This piece is a summary of the Letter from Birmingham Jail written by Dr. Martin Luther King Jr. on April 16, 1963. At the time King was extremely grieved by the way the church, especially the white clergy, was not in support of the religious civil rights movement. He wrote this letter as a disgruntled response to the church's separation of holy and worldly matters concerning his cause.
King was in Birmingham because he is the president of the Southern Christian Leadership Conference; the organization was associated with eighty-five others in the southern United States. An Alabama partner asked for his presence and participation in a non-violent protest. The fundamental reason that King was in Birmingham was because there was inequality there. He was lead out of his normal surroundings to aid minister to others just as the Apostle Paul was.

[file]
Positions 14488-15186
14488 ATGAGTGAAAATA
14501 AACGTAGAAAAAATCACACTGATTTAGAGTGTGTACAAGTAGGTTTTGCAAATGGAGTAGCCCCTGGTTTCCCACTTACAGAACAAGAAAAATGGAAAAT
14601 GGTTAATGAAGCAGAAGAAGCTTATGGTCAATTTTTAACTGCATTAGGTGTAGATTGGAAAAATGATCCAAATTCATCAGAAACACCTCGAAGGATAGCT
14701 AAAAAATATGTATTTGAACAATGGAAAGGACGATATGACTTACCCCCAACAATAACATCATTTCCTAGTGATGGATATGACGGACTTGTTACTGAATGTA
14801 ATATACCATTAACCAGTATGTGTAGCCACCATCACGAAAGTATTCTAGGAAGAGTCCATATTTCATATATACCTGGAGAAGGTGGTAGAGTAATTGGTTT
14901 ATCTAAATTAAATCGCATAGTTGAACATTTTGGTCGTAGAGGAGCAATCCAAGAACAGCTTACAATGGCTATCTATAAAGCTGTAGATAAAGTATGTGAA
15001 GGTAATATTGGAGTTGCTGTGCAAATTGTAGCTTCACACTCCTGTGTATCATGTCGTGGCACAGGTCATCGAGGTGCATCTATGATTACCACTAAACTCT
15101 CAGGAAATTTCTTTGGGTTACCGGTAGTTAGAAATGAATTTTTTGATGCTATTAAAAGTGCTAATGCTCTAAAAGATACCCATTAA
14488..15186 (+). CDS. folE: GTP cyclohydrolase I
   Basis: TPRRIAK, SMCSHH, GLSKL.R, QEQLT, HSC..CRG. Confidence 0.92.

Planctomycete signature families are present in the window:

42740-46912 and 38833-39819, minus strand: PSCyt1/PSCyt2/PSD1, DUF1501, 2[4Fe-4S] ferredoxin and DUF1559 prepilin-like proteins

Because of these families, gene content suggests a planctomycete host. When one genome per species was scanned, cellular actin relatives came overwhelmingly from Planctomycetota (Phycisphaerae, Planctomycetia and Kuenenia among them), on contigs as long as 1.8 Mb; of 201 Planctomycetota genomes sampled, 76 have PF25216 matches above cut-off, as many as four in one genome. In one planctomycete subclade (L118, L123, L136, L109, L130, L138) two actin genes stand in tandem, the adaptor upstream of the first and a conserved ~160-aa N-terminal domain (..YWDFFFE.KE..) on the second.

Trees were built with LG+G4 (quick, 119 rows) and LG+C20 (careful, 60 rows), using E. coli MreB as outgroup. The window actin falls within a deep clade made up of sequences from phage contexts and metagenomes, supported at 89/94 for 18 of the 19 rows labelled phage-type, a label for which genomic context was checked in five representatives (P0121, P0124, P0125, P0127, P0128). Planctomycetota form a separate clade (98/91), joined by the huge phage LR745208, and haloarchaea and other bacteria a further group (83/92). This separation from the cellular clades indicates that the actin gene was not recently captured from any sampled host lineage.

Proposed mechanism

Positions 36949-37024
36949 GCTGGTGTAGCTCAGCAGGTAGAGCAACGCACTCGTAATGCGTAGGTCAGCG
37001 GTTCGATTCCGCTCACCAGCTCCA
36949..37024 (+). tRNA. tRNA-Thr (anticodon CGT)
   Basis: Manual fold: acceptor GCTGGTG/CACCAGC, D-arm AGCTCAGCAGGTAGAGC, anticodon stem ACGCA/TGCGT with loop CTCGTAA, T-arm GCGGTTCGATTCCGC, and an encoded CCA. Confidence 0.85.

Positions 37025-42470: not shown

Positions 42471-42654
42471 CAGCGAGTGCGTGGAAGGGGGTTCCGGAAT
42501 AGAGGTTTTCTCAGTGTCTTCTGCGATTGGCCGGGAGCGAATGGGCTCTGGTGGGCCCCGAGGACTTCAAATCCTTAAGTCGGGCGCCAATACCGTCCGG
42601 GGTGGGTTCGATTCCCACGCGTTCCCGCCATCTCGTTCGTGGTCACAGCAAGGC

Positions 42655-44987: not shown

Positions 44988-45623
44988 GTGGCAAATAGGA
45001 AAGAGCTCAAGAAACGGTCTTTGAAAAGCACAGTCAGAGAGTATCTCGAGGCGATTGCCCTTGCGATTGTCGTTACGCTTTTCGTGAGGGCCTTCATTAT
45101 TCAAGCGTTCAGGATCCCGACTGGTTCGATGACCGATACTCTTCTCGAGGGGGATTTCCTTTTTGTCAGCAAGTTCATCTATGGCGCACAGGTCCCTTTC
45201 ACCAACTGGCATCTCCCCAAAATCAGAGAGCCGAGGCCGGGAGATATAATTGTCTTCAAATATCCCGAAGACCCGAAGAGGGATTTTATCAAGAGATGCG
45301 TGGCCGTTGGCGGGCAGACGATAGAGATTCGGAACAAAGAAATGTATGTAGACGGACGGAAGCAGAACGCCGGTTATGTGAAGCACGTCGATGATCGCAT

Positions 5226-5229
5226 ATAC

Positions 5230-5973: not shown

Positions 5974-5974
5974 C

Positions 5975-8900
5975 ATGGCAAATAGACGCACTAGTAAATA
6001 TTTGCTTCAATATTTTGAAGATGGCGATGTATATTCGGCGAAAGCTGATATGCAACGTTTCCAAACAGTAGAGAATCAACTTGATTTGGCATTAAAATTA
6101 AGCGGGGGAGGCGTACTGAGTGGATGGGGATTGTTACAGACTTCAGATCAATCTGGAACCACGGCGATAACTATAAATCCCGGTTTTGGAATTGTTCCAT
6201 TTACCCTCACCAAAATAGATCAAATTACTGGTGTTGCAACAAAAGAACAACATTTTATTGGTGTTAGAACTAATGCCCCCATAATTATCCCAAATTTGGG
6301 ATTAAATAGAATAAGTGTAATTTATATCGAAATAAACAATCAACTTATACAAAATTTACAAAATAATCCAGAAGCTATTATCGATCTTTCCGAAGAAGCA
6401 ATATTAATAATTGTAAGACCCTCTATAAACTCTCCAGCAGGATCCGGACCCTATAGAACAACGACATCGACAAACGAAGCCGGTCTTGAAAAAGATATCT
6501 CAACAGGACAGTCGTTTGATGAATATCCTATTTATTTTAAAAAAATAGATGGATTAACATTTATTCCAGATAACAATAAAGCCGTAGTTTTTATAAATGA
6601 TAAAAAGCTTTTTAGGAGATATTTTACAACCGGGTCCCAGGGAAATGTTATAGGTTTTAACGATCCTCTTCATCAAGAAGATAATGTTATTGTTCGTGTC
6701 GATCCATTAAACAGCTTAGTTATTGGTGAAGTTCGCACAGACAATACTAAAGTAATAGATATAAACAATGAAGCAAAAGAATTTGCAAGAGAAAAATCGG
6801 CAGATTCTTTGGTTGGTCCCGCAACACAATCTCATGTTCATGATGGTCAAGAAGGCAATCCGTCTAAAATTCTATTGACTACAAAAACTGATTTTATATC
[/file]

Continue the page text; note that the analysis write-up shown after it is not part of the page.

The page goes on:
King believed that we are all part of one large union; if something has an effect on one of us, has an effect on all of us. He asks the white moderate clergy if they really want to be at peace after dealing with the surface of a problem, and leaving its source affluent. King believes white supremacists gave the oppressed African Americans no choice but to act out.
King next states the four steps of a peaceful protest: research proving discrimination; discussion; self-cleansing; and precise steps taken. He goes on to discuss Birmingham's infamous history of racial discrimination and segregation. In the past the city had made many false promises and devastated countless aspirations. According to King the tension created by direct action is the key to getting results. Negotiation is a much more noble approach, but yields fewer results. King believed that direct action would create chaos that would open the door for negotiation.
King next addresses the inquiry of why he did not wait to see if the new administration within the city a chance to remedy the injustice. The ...